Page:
May is a great month to visit the unforgettable Uluru-Kata Tjuta National Park ©Tetra Images / Shutterstock


The dry season begins in the Northern Territory, northern Western Australia and Far North Queensland, bringing much relief from the humidity. It's also a great time of the year to visit Uluru-Kata Tjuta National Park.

Key events: Ord Valley Muster, Noosa Eat & Drink, Uluru Camel Cup.


Winter begins: snow falls across the southern Alps ski resorts and football season fills grandstands across the country. It is peak season in the tropical north, and waterfalls and outback tracks are accessible (though accommodation prices less so).

Key events: Laura Aboriginal Dance Festival, Barunga Festival, Sea & Vines Festival, Vivid Sydney, Bellingen Readers & Writers Festival.

A blanket of snow sits on the rolling mountain range of Australia's Alpine National Park at sunset.
Australian winter brings snow to its alpine regions © FiledIMAGE / Shutterstock


You'll find pubs with open fires, cozy coffee shops and empty beaches down south, and, oppositely, packed markets, tours and accommodation up north. Make sure to bring warm clothes for anywhere south of Alice Springs.

Key events: Melbourne International Film Festival, Derby Boab Festival, Walking with Spirits, Noosa Alive, Alice Springs Camel Cup, Splendour in the Grass, Cairns Indigenous Art Fair, Mackay Festival of Arts.


August is when southerners, sick of winter's grey-sky drear, head to Queensland for some sun. It's almost the last chance to head to the tropical Top End and outback before things get too hot and wet.

Key events: Cairns Festival, Garma Festival, Henly-on-Todd Regatta, Melbourne Winter Festival, Arlie Beach Race Week.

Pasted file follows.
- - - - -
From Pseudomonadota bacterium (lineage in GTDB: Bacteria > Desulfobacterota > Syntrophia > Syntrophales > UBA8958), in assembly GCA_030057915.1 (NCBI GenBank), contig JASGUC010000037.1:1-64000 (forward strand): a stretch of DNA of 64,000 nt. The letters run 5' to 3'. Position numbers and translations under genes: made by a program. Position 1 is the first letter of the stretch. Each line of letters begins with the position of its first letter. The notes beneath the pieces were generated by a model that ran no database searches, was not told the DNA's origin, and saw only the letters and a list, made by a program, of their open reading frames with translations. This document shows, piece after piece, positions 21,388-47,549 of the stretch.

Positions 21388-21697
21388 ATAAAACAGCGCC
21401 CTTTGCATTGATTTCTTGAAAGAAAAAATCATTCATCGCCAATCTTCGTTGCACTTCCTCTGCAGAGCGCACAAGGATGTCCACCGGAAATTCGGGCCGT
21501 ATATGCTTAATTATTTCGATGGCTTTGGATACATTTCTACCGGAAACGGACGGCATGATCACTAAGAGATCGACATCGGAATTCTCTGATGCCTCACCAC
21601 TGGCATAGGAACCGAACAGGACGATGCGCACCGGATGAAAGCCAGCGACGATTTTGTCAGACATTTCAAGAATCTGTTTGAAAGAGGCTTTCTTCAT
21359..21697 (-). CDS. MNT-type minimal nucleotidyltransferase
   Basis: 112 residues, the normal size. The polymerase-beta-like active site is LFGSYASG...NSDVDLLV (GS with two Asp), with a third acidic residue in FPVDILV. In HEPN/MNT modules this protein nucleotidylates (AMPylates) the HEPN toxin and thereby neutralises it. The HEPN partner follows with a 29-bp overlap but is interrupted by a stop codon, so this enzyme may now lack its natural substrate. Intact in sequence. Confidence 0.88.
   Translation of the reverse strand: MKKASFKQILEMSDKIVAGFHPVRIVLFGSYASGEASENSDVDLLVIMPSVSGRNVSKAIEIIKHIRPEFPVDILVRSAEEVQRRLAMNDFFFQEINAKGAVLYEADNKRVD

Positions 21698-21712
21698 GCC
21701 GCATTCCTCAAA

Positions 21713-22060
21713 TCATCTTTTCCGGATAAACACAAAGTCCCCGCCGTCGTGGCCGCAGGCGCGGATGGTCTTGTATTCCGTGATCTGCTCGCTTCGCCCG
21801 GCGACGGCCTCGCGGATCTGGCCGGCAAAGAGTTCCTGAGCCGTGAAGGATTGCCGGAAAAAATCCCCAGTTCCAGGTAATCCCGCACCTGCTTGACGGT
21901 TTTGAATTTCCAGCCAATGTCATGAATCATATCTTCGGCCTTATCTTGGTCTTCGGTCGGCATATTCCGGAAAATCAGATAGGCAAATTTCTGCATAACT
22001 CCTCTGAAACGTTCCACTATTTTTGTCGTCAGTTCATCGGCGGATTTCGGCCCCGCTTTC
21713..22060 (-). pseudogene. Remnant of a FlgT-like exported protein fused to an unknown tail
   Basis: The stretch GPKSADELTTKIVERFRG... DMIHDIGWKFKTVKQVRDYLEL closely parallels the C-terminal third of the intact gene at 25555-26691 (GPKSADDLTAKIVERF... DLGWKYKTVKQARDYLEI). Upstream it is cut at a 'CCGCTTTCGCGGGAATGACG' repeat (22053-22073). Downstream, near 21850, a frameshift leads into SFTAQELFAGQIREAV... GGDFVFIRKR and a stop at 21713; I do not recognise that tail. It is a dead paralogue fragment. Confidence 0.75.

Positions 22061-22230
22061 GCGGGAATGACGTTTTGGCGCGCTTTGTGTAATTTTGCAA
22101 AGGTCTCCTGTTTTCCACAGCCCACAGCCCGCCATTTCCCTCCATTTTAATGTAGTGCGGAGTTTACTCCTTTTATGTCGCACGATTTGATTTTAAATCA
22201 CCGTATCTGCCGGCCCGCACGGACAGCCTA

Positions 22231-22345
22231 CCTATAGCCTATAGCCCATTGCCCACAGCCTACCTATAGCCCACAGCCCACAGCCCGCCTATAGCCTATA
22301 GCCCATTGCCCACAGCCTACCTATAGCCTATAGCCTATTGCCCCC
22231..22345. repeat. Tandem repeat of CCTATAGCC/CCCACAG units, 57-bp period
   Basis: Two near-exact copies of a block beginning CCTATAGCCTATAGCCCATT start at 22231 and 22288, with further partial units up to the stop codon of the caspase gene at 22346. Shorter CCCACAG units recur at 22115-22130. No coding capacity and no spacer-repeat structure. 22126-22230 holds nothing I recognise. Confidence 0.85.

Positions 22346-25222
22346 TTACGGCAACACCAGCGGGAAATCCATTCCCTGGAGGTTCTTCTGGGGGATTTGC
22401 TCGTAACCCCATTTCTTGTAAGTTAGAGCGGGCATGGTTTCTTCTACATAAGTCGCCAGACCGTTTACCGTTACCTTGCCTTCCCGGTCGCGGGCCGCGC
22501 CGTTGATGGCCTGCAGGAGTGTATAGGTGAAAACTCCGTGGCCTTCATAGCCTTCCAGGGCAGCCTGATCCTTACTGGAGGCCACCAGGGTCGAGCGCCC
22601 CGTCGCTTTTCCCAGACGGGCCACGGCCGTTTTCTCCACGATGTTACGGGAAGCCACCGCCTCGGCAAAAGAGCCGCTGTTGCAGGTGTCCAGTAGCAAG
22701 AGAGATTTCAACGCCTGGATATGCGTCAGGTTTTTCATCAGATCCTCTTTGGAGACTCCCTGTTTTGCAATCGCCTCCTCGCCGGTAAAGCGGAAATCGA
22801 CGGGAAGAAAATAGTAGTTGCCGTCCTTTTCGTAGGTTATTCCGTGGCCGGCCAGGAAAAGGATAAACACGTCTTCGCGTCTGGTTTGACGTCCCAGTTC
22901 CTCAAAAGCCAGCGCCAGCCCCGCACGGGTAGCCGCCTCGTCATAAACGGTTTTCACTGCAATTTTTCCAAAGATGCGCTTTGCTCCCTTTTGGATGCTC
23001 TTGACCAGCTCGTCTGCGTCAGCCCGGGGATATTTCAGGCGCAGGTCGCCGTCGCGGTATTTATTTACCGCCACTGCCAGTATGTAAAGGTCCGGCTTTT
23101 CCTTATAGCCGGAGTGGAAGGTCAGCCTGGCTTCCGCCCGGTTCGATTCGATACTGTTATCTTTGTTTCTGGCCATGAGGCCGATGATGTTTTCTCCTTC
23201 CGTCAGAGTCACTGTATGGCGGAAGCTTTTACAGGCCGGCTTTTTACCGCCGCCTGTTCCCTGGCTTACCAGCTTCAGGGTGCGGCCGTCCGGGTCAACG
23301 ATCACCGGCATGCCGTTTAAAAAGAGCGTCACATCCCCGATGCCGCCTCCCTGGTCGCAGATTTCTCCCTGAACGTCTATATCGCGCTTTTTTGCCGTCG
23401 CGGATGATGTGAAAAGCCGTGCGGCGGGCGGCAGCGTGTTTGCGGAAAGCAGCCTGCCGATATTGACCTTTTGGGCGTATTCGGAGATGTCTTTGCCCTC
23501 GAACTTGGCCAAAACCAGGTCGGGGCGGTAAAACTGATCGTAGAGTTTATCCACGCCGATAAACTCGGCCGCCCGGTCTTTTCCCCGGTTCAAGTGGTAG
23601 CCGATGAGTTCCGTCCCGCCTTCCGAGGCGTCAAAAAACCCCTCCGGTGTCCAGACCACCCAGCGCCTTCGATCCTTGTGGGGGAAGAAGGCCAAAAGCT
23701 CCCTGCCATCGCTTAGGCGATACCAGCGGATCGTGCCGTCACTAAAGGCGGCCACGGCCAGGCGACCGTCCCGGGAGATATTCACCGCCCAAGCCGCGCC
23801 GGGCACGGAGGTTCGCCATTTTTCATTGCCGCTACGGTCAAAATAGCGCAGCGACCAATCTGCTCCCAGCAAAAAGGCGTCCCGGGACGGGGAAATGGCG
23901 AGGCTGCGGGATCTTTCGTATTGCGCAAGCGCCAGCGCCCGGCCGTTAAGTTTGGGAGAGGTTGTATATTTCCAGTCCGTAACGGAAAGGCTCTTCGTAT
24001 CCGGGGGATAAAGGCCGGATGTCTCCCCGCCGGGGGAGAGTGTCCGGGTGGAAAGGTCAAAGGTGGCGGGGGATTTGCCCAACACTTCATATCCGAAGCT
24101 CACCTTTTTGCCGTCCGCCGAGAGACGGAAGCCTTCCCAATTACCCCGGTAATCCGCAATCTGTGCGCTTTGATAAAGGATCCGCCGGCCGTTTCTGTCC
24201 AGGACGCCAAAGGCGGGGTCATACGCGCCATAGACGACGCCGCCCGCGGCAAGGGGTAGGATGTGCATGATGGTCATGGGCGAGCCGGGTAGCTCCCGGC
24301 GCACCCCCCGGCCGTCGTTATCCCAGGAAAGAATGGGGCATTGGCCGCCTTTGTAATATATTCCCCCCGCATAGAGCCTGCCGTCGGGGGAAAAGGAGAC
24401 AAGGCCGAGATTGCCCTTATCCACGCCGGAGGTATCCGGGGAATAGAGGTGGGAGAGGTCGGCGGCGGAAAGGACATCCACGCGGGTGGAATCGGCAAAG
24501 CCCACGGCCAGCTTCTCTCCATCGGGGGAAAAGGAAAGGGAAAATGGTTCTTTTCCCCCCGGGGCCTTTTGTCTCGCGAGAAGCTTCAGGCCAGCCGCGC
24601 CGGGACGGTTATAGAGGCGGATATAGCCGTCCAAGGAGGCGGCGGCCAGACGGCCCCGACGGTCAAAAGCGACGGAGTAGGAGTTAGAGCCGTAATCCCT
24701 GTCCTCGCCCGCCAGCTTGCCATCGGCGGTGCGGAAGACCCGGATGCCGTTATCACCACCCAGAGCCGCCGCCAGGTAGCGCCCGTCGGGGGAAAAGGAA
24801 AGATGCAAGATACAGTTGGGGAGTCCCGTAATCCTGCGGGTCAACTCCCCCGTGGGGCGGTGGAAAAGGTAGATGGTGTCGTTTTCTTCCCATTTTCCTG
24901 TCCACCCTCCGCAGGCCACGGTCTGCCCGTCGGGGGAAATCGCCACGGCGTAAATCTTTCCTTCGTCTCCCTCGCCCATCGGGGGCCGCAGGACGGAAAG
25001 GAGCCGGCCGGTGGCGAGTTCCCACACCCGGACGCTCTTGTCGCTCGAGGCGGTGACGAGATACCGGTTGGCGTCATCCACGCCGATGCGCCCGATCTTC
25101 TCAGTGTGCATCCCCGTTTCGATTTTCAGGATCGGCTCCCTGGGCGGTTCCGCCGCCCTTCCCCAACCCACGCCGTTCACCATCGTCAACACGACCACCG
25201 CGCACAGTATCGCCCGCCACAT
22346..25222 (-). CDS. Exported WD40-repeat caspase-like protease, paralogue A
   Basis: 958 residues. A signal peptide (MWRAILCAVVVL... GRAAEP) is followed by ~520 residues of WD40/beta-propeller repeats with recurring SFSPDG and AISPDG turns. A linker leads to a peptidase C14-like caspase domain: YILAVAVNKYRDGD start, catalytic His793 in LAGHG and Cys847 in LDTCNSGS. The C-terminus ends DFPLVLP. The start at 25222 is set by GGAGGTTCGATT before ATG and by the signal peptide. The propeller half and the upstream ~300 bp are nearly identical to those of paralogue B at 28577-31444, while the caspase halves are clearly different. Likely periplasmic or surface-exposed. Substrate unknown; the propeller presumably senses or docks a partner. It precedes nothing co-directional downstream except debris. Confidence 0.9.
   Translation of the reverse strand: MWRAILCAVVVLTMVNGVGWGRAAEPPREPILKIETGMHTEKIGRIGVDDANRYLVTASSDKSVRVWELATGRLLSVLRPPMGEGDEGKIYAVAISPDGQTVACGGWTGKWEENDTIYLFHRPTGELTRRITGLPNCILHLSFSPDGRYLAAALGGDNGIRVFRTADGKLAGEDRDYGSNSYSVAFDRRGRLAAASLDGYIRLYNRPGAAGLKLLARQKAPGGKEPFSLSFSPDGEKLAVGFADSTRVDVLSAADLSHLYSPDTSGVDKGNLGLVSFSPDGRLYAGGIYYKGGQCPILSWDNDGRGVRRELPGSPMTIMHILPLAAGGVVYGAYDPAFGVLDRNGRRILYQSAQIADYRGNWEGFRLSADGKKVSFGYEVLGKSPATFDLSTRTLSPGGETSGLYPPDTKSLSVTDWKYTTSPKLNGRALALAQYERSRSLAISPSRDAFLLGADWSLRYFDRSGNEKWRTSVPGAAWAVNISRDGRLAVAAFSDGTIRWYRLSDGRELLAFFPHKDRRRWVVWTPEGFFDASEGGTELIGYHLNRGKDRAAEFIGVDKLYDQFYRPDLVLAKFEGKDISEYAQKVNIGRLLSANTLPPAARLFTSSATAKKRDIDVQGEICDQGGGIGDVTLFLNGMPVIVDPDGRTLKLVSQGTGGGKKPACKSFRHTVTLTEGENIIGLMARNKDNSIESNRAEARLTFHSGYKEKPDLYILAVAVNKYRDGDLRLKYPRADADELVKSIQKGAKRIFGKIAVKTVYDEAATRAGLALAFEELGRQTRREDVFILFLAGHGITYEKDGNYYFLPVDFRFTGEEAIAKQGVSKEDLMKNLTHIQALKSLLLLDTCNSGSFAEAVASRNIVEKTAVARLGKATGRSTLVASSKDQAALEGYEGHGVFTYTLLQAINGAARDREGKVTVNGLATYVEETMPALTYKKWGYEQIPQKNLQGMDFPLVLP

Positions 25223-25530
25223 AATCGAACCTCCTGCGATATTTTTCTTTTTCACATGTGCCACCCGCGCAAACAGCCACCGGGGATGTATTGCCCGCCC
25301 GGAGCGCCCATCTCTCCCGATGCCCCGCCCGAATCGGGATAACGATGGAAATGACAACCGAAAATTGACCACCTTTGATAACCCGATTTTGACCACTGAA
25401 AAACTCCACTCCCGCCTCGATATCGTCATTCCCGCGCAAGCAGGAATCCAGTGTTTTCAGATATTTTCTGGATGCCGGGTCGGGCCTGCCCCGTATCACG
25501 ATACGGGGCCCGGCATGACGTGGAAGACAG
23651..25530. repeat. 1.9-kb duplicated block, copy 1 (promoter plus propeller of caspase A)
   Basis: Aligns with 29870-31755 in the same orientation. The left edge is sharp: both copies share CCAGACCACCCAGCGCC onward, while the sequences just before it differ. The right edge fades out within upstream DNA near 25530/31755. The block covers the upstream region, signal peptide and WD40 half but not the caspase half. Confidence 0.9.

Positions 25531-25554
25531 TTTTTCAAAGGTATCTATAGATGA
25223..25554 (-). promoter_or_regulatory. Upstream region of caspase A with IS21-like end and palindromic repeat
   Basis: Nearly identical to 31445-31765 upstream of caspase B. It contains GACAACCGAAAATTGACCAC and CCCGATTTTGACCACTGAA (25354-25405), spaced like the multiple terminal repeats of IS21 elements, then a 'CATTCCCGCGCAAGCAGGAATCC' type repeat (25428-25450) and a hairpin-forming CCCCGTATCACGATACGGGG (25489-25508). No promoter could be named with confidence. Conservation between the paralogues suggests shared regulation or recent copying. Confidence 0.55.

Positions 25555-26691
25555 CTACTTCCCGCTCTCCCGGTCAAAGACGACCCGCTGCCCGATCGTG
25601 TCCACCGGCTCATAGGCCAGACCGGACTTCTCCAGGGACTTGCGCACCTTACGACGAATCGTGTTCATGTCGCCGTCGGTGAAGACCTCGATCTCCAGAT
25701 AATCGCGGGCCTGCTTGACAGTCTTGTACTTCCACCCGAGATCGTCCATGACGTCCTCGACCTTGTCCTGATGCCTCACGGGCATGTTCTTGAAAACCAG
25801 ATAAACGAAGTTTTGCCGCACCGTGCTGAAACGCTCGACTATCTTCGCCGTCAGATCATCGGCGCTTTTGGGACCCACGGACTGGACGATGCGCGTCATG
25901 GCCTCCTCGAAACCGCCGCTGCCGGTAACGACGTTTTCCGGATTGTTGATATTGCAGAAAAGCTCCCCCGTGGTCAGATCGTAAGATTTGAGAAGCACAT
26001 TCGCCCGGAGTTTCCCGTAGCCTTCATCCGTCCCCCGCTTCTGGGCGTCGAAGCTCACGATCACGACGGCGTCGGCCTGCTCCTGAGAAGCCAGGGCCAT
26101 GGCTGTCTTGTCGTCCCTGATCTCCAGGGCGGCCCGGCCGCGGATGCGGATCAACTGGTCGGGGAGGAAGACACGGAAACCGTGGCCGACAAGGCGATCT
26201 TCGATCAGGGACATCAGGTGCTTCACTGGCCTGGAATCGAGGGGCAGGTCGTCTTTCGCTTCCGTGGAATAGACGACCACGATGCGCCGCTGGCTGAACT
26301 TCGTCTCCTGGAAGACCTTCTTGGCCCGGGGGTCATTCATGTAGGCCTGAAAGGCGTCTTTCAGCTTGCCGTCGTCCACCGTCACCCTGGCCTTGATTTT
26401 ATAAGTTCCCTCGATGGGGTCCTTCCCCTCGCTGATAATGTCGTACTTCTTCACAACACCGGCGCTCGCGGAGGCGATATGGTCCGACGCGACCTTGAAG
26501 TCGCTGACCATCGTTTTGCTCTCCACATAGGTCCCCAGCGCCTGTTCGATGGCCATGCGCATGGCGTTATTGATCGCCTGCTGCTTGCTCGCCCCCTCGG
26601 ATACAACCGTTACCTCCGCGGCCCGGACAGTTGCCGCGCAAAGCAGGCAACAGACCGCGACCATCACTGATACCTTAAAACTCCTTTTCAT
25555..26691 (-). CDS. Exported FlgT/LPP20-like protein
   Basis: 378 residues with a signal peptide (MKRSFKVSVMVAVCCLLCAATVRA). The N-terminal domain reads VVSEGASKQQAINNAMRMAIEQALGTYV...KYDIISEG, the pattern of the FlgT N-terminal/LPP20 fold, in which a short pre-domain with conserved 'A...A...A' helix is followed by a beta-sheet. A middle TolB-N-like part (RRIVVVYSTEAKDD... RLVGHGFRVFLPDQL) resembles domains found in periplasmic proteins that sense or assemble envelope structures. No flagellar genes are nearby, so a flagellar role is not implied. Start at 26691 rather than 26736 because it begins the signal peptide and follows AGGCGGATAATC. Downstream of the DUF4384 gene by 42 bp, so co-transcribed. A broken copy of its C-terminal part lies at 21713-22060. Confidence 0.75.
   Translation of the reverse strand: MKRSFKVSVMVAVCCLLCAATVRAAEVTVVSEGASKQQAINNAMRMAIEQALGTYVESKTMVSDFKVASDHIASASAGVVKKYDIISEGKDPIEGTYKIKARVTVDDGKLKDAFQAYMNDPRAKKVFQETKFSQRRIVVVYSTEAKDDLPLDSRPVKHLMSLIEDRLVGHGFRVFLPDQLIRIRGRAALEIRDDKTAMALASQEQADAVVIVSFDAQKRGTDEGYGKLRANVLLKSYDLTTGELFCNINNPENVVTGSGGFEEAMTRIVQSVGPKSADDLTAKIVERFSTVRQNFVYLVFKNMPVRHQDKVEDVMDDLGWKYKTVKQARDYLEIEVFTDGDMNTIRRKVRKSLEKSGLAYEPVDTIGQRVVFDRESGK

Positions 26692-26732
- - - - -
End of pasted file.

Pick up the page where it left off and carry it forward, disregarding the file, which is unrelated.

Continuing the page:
Orange, purple and white wildflowers stretch across a clifftop in Tasmania, Australia.
In September wildflowers explode across southern Australia © Catherine Sutherland / Lonely Planet


Spring heralds a rampant bloom of wildflowers across outback Western Australia and South Australia, with flower festivals happening in places like Canberra and Toowoomba. Football finishes and the Spring Racing Carnival begins.

Key events: AFL Grand Final, Brisbane Festival, Shinju Masuri Festival of the Pearl, Perth Wildflower Festival, Pilbara Red Earth Arts Festival, Floriade, Alice Desert Festival, Bigsound Festival.


The weather avoids extremes everywhere, so it's a good time to go camping or to hang out at some vineyards. The build-up to the rains begins in the Top End – very humid.

Key events: Melbourne Festival, Riverland Wine & Food Festival, Caloundra Music Festival.


Northern beaches may close due to "stingers" – jellyfish in the shallow waters off north Queensland, the Northern Territory and Western Australia. Outdoor events ramp up and the surf life-saving season flexes its muscles on beaches everywhere.

Key events: Gourmet Escape, Melbourne Cup, Sculpture by the Sea, Wangaratta Jazz & Blues, Fremantle Festival.


Ring the bell, school's out! Holidays usually begin a week or two before Christmas. Cities are packed with shoppers and the weather is desirably toasty. Up north, monsoon season is under way and afternoon thunderstorms bring pelting rain.

Key events: Sydney to Hobart Yacht Race, Woodford Folk Festival, Sydney Harbour Fireworks.

You might also like:
Top 15 beaches in Australia
The best things to do in Australia in summer

Australia's 10 best natural wonders

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This article was first published March 2021 and updated July 2021